The poetry of M.T. Jamieson

Was That Summer

Was that summer, when all things were new,
And the world offered a softer view.

Days were sunny, more often than not,
And learning was not formally taught.

Happened to be an old innertube,
Big and well patched, at the tire and lube.

He rolled it freely down to the lake,
A first impression, perhaps, to make.

Whether or not caused by weather,
They found themselves, again, together.

Floating out into afternoon heat,
Where could not touch the sand with their feet.

And drifting there in cool waters deep,
They shared secrets they both still keep.

Was that summer when all things were new,
And the best stories were mostly true.





Finding me here sat down on this sand,
Beached yet again where sea meets the land.

No volleyball, no in the sun fun.
Why ruin a thought so well begun?

Not overwhelmed with plans for a day.
Discover some Frost or Hemingway.

Sea shell necklace and freshly cut jeans,
Palm trees stretch toward sky, crisp blues and greens.

Sink the schedules, and cast away clocks.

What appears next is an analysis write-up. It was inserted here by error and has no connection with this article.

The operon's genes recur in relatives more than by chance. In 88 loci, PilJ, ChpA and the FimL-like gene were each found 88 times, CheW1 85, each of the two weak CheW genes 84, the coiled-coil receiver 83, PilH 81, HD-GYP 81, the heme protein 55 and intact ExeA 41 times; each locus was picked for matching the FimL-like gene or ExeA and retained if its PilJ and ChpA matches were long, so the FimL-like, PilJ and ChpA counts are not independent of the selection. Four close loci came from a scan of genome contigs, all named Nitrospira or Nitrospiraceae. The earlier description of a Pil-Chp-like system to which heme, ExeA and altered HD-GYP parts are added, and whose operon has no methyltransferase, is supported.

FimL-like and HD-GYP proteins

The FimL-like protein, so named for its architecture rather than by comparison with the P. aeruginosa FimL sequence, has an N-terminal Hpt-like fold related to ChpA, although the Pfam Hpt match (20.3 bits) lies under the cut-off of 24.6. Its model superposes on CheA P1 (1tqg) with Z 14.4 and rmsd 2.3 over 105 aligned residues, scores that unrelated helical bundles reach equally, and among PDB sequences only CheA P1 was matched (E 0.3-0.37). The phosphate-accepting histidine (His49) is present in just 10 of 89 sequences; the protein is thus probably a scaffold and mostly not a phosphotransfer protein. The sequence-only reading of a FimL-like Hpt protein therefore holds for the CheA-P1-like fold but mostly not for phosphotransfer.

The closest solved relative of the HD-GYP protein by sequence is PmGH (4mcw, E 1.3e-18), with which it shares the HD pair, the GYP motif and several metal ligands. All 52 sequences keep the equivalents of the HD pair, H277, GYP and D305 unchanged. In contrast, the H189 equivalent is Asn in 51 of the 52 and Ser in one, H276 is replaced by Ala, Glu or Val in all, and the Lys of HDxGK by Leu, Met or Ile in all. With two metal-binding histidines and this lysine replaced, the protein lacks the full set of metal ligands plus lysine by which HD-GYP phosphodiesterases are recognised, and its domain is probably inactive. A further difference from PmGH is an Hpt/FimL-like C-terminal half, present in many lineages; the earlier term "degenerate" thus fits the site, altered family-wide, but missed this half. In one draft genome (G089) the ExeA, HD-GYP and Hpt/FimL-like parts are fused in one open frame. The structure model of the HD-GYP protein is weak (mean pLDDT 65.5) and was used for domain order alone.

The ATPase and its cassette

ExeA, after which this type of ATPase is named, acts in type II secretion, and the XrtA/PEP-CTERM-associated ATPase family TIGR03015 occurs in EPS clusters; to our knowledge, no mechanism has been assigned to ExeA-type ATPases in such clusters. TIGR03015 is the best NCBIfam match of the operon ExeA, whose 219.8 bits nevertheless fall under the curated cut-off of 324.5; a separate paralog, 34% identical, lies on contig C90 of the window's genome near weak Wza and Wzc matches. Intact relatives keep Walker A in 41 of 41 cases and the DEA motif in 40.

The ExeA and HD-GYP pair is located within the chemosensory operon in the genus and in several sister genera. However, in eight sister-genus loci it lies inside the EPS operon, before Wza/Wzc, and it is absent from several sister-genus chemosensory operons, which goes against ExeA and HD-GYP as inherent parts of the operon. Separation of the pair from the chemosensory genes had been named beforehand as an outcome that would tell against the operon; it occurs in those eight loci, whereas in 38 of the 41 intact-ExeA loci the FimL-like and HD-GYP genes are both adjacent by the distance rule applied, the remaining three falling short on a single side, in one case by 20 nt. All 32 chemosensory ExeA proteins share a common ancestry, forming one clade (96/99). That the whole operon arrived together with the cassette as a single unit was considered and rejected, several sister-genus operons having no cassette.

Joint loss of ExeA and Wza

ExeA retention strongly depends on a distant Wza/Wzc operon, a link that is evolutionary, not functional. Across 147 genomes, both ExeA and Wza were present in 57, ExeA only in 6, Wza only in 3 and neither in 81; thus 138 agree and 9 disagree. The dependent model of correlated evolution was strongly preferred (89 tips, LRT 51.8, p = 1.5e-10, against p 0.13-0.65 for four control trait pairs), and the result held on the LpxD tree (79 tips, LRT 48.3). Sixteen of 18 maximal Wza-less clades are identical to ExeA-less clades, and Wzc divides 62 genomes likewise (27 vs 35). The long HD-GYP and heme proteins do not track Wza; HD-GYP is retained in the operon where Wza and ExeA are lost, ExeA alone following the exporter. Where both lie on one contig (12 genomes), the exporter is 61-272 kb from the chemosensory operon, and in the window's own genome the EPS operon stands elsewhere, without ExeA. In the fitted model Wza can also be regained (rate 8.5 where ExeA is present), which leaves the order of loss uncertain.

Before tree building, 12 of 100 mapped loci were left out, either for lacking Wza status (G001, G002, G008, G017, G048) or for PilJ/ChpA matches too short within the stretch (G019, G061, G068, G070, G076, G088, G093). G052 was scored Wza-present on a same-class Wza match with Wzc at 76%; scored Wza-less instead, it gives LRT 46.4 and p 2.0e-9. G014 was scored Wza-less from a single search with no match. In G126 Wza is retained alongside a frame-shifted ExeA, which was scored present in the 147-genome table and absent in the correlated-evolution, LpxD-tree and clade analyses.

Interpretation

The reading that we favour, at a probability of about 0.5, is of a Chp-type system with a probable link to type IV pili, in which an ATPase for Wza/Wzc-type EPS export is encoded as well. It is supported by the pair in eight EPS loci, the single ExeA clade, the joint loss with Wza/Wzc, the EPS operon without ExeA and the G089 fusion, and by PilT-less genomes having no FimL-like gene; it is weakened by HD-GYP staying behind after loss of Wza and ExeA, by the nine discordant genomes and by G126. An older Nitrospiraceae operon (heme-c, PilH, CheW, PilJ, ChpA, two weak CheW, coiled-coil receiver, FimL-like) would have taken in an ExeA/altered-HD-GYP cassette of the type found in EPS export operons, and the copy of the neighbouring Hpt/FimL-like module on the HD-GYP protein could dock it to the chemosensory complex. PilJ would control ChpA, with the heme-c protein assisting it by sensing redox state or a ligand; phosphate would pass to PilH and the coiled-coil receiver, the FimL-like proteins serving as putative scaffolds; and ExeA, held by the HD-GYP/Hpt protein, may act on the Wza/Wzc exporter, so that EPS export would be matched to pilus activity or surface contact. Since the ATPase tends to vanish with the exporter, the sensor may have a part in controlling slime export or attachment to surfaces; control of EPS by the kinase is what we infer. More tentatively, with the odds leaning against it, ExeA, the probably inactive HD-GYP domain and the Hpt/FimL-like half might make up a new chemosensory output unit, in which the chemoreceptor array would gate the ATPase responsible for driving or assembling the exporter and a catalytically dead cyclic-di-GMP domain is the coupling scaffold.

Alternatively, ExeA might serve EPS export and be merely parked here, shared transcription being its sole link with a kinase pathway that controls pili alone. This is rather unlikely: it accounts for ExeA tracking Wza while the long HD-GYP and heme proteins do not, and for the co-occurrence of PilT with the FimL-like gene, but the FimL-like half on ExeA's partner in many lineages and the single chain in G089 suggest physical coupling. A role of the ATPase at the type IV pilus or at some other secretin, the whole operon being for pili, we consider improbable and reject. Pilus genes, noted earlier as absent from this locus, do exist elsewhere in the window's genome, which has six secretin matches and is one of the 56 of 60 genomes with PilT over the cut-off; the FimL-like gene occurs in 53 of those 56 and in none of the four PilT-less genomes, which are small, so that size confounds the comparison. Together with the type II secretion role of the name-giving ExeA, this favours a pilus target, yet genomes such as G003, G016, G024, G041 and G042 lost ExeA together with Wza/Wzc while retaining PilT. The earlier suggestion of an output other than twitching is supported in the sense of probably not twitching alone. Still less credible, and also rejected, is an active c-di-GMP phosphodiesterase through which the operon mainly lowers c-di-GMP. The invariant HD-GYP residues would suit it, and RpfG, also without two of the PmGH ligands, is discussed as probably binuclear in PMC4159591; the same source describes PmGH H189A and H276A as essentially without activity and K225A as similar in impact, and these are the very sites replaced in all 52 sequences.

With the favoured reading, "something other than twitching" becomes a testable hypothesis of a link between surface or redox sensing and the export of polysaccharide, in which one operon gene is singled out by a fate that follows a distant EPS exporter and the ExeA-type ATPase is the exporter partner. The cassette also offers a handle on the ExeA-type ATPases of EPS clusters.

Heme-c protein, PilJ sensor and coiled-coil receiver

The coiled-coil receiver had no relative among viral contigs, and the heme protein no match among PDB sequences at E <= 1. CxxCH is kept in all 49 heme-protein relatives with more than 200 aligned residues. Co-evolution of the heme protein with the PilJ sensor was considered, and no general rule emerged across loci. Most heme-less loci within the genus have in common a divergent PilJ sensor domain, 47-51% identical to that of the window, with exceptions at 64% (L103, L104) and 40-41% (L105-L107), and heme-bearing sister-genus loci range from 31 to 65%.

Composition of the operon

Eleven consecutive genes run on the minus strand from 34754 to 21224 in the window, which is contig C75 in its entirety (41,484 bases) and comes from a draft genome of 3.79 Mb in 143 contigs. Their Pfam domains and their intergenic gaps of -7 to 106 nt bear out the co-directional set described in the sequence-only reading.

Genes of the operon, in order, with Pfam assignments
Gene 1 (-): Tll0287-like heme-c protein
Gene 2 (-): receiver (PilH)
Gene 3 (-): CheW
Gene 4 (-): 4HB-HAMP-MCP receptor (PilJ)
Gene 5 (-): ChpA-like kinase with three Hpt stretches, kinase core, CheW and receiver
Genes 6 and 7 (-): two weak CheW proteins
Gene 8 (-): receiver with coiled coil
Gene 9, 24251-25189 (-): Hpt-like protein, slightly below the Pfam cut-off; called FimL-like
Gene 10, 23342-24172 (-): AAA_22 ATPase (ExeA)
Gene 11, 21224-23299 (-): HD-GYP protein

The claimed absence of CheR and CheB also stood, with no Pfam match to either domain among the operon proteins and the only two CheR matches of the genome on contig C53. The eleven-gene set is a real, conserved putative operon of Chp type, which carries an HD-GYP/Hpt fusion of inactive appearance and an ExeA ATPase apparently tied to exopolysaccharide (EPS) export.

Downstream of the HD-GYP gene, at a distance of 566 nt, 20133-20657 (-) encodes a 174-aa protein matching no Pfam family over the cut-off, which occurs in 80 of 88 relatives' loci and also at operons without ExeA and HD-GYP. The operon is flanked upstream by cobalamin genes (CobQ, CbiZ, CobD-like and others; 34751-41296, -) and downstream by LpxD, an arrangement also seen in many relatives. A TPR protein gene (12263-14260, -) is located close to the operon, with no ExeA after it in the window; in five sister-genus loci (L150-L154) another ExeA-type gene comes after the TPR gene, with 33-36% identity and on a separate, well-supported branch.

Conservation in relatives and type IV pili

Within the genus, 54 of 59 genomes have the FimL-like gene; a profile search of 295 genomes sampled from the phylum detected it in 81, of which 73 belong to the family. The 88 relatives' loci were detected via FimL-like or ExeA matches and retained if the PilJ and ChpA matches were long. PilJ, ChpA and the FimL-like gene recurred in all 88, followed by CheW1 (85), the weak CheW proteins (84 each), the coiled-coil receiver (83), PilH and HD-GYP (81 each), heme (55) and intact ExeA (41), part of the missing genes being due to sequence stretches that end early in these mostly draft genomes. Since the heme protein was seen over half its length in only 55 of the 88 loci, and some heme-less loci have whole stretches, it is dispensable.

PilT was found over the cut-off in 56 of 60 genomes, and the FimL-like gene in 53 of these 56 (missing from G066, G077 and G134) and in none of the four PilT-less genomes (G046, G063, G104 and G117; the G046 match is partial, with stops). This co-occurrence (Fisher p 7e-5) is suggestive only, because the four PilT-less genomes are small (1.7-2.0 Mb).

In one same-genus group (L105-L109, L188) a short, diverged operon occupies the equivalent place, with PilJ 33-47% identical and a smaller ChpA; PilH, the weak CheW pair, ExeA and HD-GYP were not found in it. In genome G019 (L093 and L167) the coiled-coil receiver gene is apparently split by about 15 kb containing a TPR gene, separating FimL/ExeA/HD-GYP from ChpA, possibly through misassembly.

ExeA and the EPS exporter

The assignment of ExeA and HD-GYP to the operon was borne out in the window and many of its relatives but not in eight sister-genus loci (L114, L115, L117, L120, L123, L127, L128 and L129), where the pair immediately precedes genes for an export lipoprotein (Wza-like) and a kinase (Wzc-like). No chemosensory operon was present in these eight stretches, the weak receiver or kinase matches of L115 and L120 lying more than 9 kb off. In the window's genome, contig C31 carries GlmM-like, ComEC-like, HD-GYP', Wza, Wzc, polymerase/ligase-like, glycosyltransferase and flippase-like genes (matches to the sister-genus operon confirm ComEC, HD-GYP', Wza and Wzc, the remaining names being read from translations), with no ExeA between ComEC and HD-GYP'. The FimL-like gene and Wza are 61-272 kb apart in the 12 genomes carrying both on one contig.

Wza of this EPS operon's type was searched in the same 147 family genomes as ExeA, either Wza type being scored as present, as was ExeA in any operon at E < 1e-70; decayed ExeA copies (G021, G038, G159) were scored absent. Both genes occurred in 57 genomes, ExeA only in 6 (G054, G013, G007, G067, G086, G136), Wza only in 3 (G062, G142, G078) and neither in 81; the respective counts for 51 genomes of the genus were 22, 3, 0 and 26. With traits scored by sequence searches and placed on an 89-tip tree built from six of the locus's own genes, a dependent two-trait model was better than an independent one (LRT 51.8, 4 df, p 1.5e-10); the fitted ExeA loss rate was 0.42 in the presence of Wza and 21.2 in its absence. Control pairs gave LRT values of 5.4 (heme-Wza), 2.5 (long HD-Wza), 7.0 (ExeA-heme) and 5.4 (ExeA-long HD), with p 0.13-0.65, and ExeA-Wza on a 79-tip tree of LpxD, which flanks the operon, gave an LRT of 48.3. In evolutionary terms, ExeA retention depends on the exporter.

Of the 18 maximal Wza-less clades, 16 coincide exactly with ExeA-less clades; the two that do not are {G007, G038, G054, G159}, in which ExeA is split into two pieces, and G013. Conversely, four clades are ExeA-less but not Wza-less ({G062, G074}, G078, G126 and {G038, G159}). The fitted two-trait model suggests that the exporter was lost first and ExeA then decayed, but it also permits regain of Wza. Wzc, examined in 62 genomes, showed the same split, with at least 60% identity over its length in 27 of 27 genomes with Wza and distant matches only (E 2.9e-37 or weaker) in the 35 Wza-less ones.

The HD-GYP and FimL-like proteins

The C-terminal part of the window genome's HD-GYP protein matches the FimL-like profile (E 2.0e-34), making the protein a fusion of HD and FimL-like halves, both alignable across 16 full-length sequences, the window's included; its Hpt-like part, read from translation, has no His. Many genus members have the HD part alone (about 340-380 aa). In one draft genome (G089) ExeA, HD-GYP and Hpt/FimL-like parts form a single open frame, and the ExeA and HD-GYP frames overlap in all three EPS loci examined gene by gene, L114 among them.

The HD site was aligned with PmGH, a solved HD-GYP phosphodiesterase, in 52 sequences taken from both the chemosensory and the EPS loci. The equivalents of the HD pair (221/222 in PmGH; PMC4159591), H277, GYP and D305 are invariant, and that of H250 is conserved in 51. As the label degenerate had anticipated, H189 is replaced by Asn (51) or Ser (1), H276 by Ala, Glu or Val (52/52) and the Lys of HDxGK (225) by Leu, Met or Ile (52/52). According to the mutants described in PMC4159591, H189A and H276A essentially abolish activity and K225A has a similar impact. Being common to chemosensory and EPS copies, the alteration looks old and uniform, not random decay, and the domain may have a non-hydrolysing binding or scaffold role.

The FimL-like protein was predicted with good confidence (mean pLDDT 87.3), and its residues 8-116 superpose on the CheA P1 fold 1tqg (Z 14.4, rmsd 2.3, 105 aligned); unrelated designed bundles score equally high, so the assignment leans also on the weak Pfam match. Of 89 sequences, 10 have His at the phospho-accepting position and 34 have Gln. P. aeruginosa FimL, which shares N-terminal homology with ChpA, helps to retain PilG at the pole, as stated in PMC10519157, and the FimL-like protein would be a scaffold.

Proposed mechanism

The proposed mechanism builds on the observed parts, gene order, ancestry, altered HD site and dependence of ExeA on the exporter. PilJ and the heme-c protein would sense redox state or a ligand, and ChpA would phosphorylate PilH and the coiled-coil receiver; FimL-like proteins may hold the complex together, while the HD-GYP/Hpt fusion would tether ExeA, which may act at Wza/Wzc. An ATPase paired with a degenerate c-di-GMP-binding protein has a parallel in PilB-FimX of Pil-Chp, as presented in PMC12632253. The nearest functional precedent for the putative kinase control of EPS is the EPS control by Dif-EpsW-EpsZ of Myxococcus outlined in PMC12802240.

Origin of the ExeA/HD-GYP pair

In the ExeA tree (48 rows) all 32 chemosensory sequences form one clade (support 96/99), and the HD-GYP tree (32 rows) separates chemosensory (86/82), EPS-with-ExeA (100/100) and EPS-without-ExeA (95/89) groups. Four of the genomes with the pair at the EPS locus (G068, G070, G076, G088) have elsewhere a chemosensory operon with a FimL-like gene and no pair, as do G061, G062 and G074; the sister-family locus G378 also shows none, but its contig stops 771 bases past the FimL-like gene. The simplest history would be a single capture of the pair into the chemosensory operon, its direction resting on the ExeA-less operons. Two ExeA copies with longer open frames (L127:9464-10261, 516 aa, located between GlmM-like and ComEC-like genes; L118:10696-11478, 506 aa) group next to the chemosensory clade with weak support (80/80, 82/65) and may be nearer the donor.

Button less. Keep the shoes, lose the socks.

Sweet breeze filters the island’s sound.
Small, couple hours to walk around.

Fewer questions, less answers to seek.
Fly in supplies each other the week.

Finding me here sat down on this sand.
Umbrellas, cocktails, isn’t life grand?

M.T. Jamieson lives with his wife, Susan, and their dog and two cats in northeastern Ohio. He is a Viet Nam Era U.S.A.F. veteran, and twice a former university student. Some of his poems have appeared in “WestWard Quarterly,” “Pancakes In Heaven,” “Northern Stars Magazine,” “The Poet’s Art,” “The Poetry Explosion Newsletter,” “the Lyric,” “Adelaide Literary Magazine,” “Evening Street Press,” “The Sow’s Ear Poetry Review,” and “Scarlet Leaf Review.”

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